Oriient, Navin and Indoorgo want to help you navigate malls, museums, hospitals and airports without any need for installed hardware in the venue.
By: Abigail Klein Leichman, Israel21C
The Israeli navigation app Waze will steer you to your destination along the fastest route. But it can’t help you find your way inside a mall, museum, school, hospital, airport or other large building because GPS doesn’t work indoors.
This problem has caught the attention of tech companies large and small, including Google and Apple, yet today’s indoor maps haven’t mastered live navigation functionality.
Three Israeli companies are meeting this challenge with sophisticated indoor orientation apps independent of beacons or any other hardware installations in the venue. Each approach is slightly different, as we explain below.
Oriient, founded in February 2016 in Tel Aviv, is building a plug-in for app developers on a monthly licensing model. The technology pinpoints indoor position within three feet using information from the Earth’s magnetic field and from sensors inside every smartphone.
Many malls, for example, already offer visitors free dedicated apps that enable them to do a store or product search. Adding Oriient to that app will provide an accurate indoor positioning service to guide the shopper directly to the store and even the shelf. The same could be done in any large building.
“Retailers and facility managers expect the service to just work without installing or maintaining anything. It’s low-cost and no hassle, and that’s what drives us,” CEO Mickey Balter tells ISRAEL21c.
Oriient was incubated in the 8200 EISP accelerator in Tel Aviv from January to June last year, and then from June to September in Techstars/Metro Accelerator for Retail in Berlin, a new cooperation between a German retail chain and an American accelerator.
“Through that platform we gained significant customers in the European retail space and are working with them on deployment,” says Balter.
“Next would be extension to the US and to non-retail verticals like smart buildings and robotics. We are seeing a lot of opportunities in the ‘future of the workspace’ as a lot of office buildings are introducing indoor positioning. We don’t necessarily have to track smartphones; we can also track robots.”
Oriient has five employees and is hiring more, having received more than $2 million in seed funding.
Navin took off nearly five years ago, guided by cofounders including Shai Ronen, a former F-16 combat navigator and Technion computer science graduate who worked in mapping and navigation technology at Elbit, Visionmap and Compugen.
Like Waze, the Navin app is powered by crowdsourcing. Its patented P2P Crowd Mapping technology turns smartphones into anonymous indoor mapping devices that passively capture millions of data movement points using aviation-grade stabilization, noise-canceling and drift-correction algorithms. The app generates maps from these data points.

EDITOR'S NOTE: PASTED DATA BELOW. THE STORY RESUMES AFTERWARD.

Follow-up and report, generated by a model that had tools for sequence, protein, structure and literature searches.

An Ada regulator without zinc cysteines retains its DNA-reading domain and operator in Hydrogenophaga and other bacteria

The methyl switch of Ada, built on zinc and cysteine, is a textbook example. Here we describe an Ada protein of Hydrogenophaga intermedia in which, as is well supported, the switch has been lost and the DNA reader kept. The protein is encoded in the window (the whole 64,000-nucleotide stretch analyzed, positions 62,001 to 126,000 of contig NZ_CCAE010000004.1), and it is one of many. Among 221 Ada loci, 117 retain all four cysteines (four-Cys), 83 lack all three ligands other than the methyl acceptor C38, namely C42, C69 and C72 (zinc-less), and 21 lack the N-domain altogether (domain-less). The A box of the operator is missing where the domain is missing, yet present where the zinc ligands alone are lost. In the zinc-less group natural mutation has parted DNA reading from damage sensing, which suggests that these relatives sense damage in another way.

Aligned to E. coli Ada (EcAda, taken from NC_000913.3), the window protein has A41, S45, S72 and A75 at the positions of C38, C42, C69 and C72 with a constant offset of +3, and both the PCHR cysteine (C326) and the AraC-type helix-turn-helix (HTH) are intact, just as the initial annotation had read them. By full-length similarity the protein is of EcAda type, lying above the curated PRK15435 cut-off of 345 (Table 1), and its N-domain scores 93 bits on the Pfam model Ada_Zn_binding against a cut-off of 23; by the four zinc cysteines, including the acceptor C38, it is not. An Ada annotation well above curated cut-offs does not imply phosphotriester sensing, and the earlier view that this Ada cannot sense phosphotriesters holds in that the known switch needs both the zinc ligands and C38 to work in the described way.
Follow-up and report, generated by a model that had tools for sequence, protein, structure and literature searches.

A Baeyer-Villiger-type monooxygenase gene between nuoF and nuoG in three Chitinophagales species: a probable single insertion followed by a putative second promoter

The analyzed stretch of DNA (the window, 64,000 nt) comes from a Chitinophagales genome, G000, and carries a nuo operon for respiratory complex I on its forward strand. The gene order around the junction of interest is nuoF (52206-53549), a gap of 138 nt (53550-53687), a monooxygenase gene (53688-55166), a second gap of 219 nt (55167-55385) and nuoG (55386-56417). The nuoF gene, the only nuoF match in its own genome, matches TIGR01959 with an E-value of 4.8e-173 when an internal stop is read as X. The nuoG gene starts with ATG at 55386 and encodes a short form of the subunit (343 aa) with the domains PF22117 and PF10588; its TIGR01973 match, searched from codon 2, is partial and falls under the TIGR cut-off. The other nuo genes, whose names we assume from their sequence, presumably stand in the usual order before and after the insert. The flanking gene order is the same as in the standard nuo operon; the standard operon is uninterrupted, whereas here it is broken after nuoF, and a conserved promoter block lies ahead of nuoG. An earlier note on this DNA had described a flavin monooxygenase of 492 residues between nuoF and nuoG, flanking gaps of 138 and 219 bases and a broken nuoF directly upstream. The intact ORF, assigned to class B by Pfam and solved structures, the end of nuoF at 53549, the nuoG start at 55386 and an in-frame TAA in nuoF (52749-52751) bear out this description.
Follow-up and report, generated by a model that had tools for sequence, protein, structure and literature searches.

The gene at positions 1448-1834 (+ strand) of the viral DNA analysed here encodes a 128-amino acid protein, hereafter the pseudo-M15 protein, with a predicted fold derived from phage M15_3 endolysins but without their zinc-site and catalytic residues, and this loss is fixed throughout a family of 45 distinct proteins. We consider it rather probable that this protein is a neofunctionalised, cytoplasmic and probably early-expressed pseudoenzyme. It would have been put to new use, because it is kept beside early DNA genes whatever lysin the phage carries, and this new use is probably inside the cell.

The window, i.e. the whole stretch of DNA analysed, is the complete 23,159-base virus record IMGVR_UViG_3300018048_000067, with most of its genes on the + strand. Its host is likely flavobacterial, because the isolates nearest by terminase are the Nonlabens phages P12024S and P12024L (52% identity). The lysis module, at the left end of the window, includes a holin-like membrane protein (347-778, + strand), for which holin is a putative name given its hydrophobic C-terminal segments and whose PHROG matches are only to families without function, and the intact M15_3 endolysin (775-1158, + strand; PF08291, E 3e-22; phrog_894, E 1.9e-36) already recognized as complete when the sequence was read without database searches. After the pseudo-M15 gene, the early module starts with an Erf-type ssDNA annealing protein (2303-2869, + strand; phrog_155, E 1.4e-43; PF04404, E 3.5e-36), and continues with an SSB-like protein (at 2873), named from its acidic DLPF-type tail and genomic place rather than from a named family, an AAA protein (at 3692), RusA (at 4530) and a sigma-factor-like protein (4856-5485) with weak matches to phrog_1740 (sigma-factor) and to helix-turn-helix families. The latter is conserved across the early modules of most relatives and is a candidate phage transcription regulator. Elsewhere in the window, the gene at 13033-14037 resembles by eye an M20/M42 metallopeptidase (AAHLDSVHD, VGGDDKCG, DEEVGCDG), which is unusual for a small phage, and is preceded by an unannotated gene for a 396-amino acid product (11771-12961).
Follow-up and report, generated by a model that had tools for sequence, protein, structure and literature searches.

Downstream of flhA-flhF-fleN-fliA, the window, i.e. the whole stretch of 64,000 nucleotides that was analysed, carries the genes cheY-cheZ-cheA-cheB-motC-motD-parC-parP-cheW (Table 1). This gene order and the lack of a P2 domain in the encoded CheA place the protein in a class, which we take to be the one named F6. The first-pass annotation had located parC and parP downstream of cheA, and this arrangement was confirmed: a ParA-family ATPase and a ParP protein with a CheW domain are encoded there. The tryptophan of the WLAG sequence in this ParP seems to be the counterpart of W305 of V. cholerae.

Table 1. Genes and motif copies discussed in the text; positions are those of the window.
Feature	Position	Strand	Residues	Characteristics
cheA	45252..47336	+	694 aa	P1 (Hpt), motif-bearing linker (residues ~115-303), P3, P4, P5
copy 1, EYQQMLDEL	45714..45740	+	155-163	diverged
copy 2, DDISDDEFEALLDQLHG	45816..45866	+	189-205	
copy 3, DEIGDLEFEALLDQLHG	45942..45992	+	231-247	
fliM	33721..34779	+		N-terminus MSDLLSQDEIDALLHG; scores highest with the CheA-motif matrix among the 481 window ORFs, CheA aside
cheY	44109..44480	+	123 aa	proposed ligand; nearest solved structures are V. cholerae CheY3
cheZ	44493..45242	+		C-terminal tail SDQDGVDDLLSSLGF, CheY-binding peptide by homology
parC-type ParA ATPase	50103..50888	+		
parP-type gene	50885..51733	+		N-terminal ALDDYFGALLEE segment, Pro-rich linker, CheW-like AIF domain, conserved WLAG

“We have the novel ability to create detailed maps of any building anywhere in the world remotely on our servers, without us ever being in that building,” Ronen tells ISRAEL21c.
Because a critical mass of data is needed to create each map — about 20 to 40 users using virtually any device at any time — Navin will recruit regional “ambassadors” to do the mapping prior to a beta launch early this year in one city at a time. Currently, Navin is being tested in large Israeli hospitals.
Navin was incubated in 8200 EISP and then in the Microsoft Ventures accelerator. Three years ago, serial entrepreneur Gidi Barak came aboard as founder and active chairman.
The Tel Aviv startup has 12 employees and has raised nearly $2 million from investors and the Israel Innovation Authority. Recently, Navin opened an office in Hong Kong because “Asia is a great place to start and there is a lot of interest in Hong Kong and Singapore, which are gateways to other countries,” says Ronen.
The revenue model probably will be based on in-app advertising from businesses in the buildings mapped, targeted to individual users’ movement patterns.
Indoorgo Navigation Systems is developing an app that makes use of smartphone sensors and existing infrastructure in a building, such as Wi-Fi and Bluetooth, as well as the fixed position of the building’s overhead lights.
“This also allows us uniquely to give navigation in places such as parking garages,” says Larry Loev, CEO of Ariel Scientific Innovations, the technology commercialization arm of Ariel University.
The core technology was developed nearly five years ago in the university’s Kinematics and Computational Geometry Laboratory by professors Boaz Ben-Moshe and Nir Shvalb. Ben-Moshe and Ariel Scientific Innovations are the primary shareholders of Indoorgo, which has been exclusively funded till now by Ariel University.
To add any building to the app’s central database, it must be mapped once by one person – it could be an employee of the building, with no special training – in the course of about two hours. Data from subsequent Indoorgo users improves the positioning accuracy, explains Ben-Moshe. “Accuracy of up to 3 meters is achieved for the first visitor, gradually improving to less than 1 meter.”
Loev says this resolution is significant. “Google Maps can throw you off by 10 to 15 meters, while ours will be a product you can reliably use.”
Indoorgo is in the demo stage and has been tested in Israeli shopping malls. “The company is now ready for investment or sale,” says Loev.
Targeted in-app advertising is the most likely revenue model.
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